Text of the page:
Is AMD's acquisition of ATI in trouble?

The former boss of graphics outfit ATI , Dave Orton, has resigned from his job at parent company AMD .

The announcement is the latest in a string of bad news stories for AMD since it acquired ATI last summer. Orton will relinquish his role as executive vice president of AMD at the end of July.

The 'new AMD'

In an official statement, Orton said: "It is with mixed feelings that I am leaving AMD. I am very optimistic about AMD's future. I believe strongly in the strategies that brought AMD and ATI together and the talented employees of the 'new AMD' who are committed to winning in the market by delivering the best possible solutions for customers."

Needless to say, Orton's resignation is being linked to current difficulties at AMD in general and within the ATI graphics subsidiary in particular.

Specifically, the company's new Radeon HD 2000 family of DirectX 10 graphics chips has been a huge disappointment. It simply cannot compete on performance terms with its main competition, the GeForce 8000 series from Nvidia .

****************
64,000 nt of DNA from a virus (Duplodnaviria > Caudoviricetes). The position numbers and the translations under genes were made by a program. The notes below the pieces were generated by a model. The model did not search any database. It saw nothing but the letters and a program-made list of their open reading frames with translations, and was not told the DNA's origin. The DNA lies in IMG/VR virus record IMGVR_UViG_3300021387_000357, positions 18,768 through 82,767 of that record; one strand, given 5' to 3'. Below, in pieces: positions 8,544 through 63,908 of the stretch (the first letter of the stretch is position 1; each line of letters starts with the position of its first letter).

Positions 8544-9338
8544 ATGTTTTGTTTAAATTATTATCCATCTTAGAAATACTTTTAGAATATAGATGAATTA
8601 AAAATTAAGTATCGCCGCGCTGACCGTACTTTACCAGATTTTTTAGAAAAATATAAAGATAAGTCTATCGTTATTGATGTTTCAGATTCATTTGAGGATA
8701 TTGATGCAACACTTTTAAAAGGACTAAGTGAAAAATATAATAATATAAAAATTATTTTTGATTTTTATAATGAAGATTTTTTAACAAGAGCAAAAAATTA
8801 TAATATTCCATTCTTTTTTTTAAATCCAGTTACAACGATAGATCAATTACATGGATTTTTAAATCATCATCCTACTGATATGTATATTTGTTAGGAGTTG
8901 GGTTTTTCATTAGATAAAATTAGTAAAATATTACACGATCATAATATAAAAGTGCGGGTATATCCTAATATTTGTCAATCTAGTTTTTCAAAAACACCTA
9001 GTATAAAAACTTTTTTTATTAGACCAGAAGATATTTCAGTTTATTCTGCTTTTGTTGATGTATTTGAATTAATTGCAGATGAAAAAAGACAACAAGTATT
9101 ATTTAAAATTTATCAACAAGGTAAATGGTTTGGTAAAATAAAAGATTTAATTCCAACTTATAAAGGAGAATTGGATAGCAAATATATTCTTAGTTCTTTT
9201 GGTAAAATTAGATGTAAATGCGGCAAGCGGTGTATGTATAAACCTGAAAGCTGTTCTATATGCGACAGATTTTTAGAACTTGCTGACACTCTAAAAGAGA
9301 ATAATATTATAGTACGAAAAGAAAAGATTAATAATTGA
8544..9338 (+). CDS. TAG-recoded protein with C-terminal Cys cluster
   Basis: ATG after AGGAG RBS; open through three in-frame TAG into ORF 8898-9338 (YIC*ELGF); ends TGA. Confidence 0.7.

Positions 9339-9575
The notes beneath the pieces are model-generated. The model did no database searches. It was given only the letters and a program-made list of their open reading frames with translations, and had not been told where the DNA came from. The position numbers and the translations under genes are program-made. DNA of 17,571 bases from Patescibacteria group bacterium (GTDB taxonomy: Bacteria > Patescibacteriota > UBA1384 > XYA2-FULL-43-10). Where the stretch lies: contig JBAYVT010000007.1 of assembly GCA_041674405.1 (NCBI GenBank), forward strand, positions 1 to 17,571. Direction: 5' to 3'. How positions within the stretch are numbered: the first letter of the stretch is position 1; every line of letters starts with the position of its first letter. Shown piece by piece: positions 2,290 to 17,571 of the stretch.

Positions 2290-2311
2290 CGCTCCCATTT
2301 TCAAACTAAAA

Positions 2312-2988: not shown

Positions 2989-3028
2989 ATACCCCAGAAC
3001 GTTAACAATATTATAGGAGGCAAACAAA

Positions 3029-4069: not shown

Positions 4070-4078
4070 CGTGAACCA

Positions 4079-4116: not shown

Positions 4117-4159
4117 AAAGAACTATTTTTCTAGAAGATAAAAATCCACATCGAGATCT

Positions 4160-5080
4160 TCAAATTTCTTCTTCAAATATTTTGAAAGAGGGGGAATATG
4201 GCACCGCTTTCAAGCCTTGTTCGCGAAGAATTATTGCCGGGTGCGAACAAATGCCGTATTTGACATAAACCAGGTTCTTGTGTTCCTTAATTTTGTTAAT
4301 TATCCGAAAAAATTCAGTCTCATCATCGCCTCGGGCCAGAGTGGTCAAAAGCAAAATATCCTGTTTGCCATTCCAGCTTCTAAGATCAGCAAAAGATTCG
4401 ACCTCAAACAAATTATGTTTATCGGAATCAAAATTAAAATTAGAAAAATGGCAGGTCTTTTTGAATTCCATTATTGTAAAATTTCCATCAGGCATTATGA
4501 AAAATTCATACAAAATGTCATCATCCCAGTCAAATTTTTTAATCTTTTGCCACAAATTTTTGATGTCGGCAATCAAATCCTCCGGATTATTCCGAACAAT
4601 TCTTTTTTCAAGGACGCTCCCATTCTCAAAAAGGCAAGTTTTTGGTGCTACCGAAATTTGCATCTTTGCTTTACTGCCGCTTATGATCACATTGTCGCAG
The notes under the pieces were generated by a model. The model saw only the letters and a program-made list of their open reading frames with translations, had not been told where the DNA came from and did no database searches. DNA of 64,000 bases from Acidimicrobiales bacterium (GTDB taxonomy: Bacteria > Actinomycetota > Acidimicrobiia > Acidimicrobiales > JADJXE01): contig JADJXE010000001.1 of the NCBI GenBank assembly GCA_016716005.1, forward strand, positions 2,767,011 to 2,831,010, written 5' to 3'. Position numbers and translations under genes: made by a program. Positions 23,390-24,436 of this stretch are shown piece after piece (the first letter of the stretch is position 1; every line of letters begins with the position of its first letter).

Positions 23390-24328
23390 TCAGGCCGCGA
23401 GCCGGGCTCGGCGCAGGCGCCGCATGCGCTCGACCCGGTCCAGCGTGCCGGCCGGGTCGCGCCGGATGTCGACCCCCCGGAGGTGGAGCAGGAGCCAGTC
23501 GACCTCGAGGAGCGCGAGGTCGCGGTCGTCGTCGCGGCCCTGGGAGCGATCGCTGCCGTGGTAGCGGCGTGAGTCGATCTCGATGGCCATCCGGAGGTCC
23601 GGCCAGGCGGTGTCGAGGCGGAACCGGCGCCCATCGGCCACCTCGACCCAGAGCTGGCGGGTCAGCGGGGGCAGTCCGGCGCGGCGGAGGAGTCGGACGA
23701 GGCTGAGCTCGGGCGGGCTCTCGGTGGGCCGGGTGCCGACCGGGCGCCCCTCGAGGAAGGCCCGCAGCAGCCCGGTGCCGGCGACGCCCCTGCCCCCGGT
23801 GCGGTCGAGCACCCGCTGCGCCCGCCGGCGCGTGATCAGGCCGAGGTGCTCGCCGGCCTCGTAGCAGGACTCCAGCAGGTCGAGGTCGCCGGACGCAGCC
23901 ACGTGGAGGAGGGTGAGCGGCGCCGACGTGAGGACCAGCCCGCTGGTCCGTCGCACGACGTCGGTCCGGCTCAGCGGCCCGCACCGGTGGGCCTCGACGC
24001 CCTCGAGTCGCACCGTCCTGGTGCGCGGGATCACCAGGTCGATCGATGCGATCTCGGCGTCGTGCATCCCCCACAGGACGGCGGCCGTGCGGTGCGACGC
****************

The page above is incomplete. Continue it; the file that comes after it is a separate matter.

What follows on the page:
Consequently, AMD has been forced to reposition its new chips at a lower price point - a move that will undoubtedly compromise profit margins.

AMD is losing to Intel

Meanwhile, AMD's bread and butter CPU products are falling ever further behind Intel's sickeningly successful Core 2 line of chips. As with the Radeon HD graphics chips, AMD has slashed prices and shaved margins on the entire Athlon 64 X2 range.

Last week, AMD belatedly announced that its crucial new quad-core processor would finally appear next month in server and workstation trim. However, it also revealed that the chip would initially top out at just 2GHz.

That's well below expectation and almost certainly not enough to frighten Intel's Core 2. AMD has not divulged when the desktop variant of the new quad-core chip, codenamed Agena, will appear. was the former name of Its staff were at the forefront of the digital publishing revolution, and spearheaded the move to bring consumer technology journalism to its natural home – online. Many of the current TechRadar staff started life a staff writer, covering everything from the emerging smartphone market to the evolving market of personal computers. Think of it as the building blocks of the TechRadar you love today.